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weeks could seem like an eternity. but do watch jeff flake of arizona. see if he supports the democrats to say this is a process that is full rather than rushed through. and beyond that, when this gets through committee, we're looking at murkowski of alaska and collins of maine. how they get confirmation will turn out from the testimony we eventually get over the next week, but on the reactions to the testimony, for example, susan collins was quite unsettled last friday when donald trump sought to derive ms. ford as credible. >> to your point about the he said/she said, it's important to point out as of this moment, no other witnesses allowed and no fbi investigation, which dr. ford would have wanted to be part of this. let's also consider the negotiations that are ongoing now as to whether this will be a public or private hearing. that's the very highly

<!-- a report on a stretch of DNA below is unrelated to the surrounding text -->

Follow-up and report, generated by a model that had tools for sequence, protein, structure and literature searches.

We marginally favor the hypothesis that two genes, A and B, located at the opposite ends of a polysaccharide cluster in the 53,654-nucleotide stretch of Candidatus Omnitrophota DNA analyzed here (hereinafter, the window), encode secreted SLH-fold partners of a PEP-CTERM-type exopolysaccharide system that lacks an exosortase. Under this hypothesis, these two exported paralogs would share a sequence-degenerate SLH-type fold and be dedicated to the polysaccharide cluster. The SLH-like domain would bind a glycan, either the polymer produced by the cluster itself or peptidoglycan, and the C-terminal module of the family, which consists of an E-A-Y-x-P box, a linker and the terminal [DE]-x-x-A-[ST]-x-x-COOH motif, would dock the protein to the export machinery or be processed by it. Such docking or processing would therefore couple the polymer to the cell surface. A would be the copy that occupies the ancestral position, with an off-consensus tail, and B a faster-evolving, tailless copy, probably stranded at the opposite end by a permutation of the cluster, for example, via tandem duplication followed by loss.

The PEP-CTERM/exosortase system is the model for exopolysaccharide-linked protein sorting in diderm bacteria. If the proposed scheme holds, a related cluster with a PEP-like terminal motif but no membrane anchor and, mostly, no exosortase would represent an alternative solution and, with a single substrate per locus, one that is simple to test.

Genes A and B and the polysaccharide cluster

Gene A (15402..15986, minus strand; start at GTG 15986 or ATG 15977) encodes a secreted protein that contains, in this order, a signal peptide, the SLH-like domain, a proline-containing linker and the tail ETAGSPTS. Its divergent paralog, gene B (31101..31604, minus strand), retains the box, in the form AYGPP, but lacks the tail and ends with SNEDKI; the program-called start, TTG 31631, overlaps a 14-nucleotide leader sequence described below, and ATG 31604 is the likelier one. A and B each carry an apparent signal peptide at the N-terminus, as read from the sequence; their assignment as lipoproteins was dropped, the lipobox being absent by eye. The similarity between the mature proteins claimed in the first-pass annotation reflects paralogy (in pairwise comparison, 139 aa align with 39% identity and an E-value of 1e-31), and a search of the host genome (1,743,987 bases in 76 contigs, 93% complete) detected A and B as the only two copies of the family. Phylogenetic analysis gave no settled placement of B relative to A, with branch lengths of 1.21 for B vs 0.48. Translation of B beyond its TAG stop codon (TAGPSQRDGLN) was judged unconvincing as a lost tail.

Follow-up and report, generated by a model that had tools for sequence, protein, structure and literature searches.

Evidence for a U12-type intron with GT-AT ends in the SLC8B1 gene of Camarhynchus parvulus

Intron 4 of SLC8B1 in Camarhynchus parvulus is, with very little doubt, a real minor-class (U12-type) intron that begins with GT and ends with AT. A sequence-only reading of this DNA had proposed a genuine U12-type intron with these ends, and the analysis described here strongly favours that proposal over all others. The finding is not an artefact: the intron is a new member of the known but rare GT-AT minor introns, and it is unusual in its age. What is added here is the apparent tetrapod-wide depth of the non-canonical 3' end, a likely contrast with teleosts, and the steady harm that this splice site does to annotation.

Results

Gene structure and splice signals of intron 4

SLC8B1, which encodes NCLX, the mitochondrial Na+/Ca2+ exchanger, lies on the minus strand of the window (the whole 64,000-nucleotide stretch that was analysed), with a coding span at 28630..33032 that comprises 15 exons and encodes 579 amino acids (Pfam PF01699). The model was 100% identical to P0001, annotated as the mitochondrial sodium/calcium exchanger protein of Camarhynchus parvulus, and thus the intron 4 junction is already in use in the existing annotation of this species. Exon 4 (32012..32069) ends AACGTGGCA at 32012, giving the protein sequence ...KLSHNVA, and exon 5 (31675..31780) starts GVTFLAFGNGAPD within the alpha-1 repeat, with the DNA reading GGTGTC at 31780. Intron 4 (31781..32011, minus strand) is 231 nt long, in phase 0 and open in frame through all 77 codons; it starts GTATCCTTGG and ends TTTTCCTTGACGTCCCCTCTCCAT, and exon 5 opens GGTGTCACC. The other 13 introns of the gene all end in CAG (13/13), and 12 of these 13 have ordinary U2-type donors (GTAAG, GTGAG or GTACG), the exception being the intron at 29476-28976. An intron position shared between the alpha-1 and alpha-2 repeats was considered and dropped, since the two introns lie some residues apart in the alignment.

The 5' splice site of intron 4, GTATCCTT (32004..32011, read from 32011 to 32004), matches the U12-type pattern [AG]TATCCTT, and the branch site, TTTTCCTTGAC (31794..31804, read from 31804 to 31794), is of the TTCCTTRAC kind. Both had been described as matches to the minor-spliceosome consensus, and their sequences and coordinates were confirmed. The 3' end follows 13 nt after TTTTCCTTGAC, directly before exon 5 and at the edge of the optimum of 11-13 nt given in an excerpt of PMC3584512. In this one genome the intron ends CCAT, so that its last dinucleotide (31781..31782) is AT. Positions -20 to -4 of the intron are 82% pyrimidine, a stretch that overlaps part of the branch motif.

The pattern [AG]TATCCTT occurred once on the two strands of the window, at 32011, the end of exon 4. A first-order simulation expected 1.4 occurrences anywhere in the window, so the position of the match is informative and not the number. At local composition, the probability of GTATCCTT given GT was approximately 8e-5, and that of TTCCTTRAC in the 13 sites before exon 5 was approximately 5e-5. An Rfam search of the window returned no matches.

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significant issue because on whaund, republicans are concerned about the optics around dr. ford and how she's being treated, but there's also this. scott, take a listen. >> you watched the fight, you watched the tactics, but here's what i want to tell you, in the very near future, judge kavanaugh will be on the united states supreme court. so, my friends, keep the faith, don't get rattled by all of this, we're going to plow right through it. and do our job. >> plow right through it, he says. clearly, scott, some would prefer this to remain private, not a public hearing. >> well, first of all, just a reminder, that is the first priority should be professor ford's security. this is a woman who at risk of